Author(s): Petrofsky J, Schwab E, Cneo M, George J, Kim J,
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Abstract Carbonized rubber electrodes were tested extensively when they were first developed 30 years ago, but modern carbonized rubber electrodes have not received the type of scrutiny that the first electrodes received. Modern electrodes differ from the original electrodes in that they come with a self-adhesive electrode gel called hydrogel as part of their composition. The present study was undertaken to examine the current distribution and impedance characteristics of five brands of carbonized rubber electrodes and to examine the current distribution between electrodes during electrical stimulation in six subjects. Several different electrode sizes were tested between 3 and 10 cm. The current flow between the electrodes was determined by measuring the voltage across the skin on human subjects in 15 discrete locations between the electrodes. Blood flow was also measured between the electrodes with a laser Doppler flow meter to assess the physiological effect of current distribution on the skin at several skin temperatures. The results of these studies showed that at low currents, such as is used in TENS, very little current is actually applied through the skin due to the high impedance of the electrodes. At current levels normally used for electrical stimulation for functional movement, while current flow is better in most electrodes, it is very uneven, resulting in high current density in the centre of the electrodes and a fall off of at least 50\% in current intensity at the edges of the electrode. There was very little difference in current density between small and large electrodes due to the high current density in the centre. Skin blood flow altered the movement of current between the electrodes and also may contribute to electrode performance. The implication of these studies is that electrode design needs to be altered for better current distribution, especially at low stimulation currents.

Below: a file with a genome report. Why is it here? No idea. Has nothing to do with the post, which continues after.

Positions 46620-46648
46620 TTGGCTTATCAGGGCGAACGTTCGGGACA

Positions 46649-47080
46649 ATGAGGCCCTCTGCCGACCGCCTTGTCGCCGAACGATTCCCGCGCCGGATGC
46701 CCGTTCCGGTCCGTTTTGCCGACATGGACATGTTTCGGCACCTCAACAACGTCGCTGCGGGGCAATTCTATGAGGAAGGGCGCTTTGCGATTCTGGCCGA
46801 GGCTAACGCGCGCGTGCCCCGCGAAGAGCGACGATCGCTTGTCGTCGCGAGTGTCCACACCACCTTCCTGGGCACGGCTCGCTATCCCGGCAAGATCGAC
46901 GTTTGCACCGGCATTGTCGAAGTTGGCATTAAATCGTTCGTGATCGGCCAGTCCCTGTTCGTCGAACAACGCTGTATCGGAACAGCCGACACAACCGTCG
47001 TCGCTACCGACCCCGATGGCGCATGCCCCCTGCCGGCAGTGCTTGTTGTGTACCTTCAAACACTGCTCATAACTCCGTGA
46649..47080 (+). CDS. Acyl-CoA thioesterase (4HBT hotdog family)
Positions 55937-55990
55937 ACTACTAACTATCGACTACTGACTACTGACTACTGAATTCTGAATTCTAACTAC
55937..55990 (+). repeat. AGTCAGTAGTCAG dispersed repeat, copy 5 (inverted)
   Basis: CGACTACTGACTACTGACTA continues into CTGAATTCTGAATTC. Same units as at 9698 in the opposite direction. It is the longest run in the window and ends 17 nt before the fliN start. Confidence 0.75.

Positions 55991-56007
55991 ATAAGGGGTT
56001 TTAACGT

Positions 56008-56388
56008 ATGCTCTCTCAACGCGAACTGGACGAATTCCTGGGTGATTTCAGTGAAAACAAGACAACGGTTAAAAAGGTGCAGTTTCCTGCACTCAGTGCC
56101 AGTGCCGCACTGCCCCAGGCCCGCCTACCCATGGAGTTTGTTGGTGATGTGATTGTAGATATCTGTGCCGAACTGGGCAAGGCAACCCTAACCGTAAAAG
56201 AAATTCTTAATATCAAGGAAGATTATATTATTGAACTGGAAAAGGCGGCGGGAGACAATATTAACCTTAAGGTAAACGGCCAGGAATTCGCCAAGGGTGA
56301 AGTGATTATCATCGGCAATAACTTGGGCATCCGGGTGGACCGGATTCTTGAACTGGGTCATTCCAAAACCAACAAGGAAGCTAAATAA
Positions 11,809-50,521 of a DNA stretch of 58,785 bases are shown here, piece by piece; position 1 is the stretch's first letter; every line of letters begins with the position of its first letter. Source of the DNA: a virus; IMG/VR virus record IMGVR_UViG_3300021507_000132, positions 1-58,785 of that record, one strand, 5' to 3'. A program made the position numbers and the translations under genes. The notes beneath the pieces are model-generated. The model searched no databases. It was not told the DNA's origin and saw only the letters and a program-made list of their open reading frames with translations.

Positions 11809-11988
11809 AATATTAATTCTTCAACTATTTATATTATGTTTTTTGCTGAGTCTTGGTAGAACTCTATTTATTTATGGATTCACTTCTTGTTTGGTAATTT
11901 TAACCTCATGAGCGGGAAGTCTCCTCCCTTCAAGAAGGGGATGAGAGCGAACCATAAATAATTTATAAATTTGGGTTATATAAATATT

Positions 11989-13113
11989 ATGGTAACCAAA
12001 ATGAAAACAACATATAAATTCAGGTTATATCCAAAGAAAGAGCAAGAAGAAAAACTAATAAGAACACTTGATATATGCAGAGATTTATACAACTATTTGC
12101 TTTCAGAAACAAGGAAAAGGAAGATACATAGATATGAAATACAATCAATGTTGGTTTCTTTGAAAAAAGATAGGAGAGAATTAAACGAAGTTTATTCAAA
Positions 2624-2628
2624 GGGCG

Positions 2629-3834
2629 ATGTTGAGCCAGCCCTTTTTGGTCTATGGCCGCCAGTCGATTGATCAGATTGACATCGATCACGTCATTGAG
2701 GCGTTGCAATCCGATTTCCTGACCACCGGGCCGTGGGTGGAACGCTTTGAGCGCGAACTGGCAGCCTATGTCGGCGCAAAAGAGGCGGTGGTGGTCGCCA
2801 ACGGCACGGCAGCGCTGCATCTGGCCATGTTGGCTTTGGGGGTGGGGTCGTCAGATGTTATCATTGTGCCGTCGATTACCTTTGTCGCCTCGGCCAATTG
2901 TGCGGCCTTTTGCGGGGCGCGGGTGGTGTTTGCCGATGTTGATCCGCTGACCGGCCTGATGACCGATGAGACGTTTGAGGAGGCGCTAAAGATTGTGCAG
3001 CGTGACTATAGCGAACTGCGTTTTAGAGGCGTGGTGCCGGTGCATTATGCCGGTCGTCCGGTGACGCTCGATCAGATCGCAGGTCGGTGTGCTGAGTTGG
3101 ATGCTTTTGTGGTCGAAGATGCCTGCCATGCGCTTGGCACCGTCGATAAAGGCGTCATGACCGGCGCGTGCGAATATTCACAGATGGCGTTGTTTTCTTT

This article was published in J Med Eng Technol
and referenced in Journal of Novel Physiotherapies